Mount Soledad memorial hosts inaugural brunch to honor women in the military

People attending the first Women's History Brunch were asked to raise their hands if they are veterans.
People attending the Mount Soledad Memorial Association’s first Women’s History Brunch were asked to raise their hands if they are veterans, to the applause of everyone else.
(Ashley Mackin-Solomon)

Nearly 100 women representing all branches, ages and stages of military service gathered at the Mount Soledad National Veterans Memorial in La Jolla for the inaugural Women’s History Brunch on March 23.

The nonprofit Mount Soledad Memorial Association presented the brunch to honor veterans, reservists and active-duty personnel with the intent to make it an annual event during Women’s History Month, recognized in March.

“Women have served in every major war in American history,” said Memorial Association program manager Jennifer Givens, a Navy veteran and the granddaughter of a World War II and Korean War veteran. “In the Revolutionary War, you had women that dressed as men to serve, you had women that served as nurses, women that followed their husbands into combat and picked up arms when need be. So before women could vote or have any rights as citizens, they served this nation. We have always served, whether we had the right to or not.”

Today, she said, “women are advancing and able to fill almost every role in the military. … Women are just as important as their male counterparts.”

Jennifer Givens, program manager for the Mount Soledad Memorial Association, speaks at the inaugural Women's History Brunch.
Jennifer Givens, a Navy veteran and program manager for the Mount Soledad Memorial Association, speaks at the inaugural Women’s History Brunch at the Mount Soledad National Veterans Memorial in La Jolla on March 23.
(Ashley Mackin-Solomon)

People attending the invitation-only event represented several military branches, but the speakers represented the Navy.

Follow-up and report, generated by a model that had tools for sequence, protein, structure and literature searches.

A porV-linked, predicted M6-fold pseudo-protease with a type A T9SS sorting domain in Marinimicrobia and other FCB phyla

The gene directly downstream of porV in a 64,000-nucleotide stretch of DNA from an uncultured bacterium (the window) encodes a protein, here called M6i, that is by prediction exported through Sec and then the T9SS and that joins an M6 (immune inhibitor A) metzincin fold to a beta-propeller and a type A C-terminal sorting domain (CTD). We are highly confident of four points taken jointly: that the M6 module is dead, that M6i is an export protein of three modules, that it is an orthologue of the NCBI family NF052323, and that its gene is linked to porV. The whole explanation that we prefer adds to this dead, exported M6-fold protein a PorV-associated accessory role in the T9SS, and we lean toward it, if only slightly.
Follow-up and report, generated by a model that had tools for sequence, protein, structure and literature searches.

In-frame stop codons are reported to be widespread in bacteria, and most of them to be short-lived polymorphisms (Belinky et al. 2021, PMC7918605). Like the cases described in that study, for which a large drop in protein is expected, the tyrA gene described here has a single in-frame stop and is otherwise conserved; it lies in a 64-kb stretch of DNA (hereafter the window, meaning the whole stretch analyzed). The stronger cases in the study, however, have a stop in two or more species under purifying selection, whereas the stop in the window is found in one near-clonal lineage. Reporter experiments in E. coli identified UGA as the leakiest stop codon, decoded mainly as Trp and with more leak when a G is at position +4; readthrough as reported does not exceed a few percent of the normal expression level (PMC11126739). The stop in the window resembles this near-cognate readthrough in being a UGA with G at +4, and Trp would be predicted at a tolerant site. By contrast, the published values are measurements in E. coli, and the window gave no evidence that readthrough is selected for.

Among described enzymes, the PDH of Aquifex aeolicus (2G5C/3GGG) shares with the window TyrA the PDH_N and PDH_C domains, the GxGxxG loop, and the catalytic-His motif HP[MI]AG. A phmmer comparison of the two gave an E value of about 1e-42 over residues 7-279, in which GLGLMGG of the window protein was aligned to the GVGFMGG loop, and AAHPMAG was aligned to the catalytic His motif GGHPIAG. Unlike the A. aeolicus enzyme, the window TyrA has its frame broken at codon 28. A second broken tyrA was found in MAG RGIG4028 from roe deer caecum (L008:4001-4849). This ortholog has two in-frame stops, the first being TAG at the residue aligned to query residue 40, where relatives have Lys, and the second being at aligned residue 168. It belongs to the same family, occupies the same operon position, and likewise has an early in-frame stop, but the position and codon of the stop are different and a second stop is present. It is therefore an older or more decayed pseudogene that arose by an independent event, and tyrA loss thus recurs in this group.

The keynote speaker was retired Capt. Sue Young, who served in the Navy from 1953 to 1973. During her time in the service, Young was, among other things, an aide in the secretary of the Navy’s office, a company officer and instructor at the Women Officer School, commanding officer of Naval Education and Training Support Activity — Pacific, and appointed by then-President Richard Nixon to serve on the U.S. Defense Advisory Committee on Women in Service.

Other speakers included retired Rear Adm. Sandy Adams and Lt. Cmdr. Amy Forsythe.

Adams served 34 years in the Navy and Navy Reserve. She served aboard the USS Puget Sound and USS Bolster just four years after women were authorized to serve aboard ships.

Forsythe served eight years in the Marine Corps as a combat correspondent and has served five combat tours. She currently is in the Navy Reserve as a public affairs officer.

“Women have been serving silently, patiently and courageously, but their stories go unnoticed or unrecognized,” Forsythe told the La Jolla Light. “Women’s History Month is a time I learn a lot because more stories are shared, so this is the time to recognize the women who have served.”

Noting that her career is “almost finished,” she said she wants “to open doors for other people and help the next generation of young women” by speaking at events such as the Women’s History Brunch.

Looking around at the tables full of military women, retired Rear Adm. Ronne Froman Blue, one of the morning’s guests of honor, said it filled her heart with pride.

“A lot of the ladies here are the pioneers that paved the way for women in the Navy,” she said. “It’s about time these ladies are thanked for what they did. It’s an honor that I was asked to be here. ... It takes me back to my days in the service, and I am proud to have served and be part of our history.”

Memorial Association President and Chief Executive Neil O’Connell, who served 32 years in the Marine Corps, said he had the “pleasure and honor” to serve with women on international deployments.

“For us to be able to pause and reflect on the great strides that have been made in getting women to key assignments, opening up doors to have them be on the same par as men, to fly airplanes, to command, to be skippers of ships … is significant to us,” he said. “We’re going to honor those that literally busted down barriers to have that recognition bestowed upon them.”

During O’Connell’s talk, he highlighted the accomplishments of some of the veterans whose plaques grace the walls of the local landmark. Though it was originally dedicated in 1954 to honor those who fought in the Korean and World Wars, the site now has 11 curved walls featuring black granite plaques etched with the pictures and stories of more than 5,000 men and women from all of America’s military branches and battlefields, according to the association.

The first six walls were erected to focus on the five branches of the military that fought in World War II — Army, Navy, Marine Corps, Coast Guard and Air Force — as well as the Merchant Marines. In 2012, five more walls were added to include all wars and branches of service.

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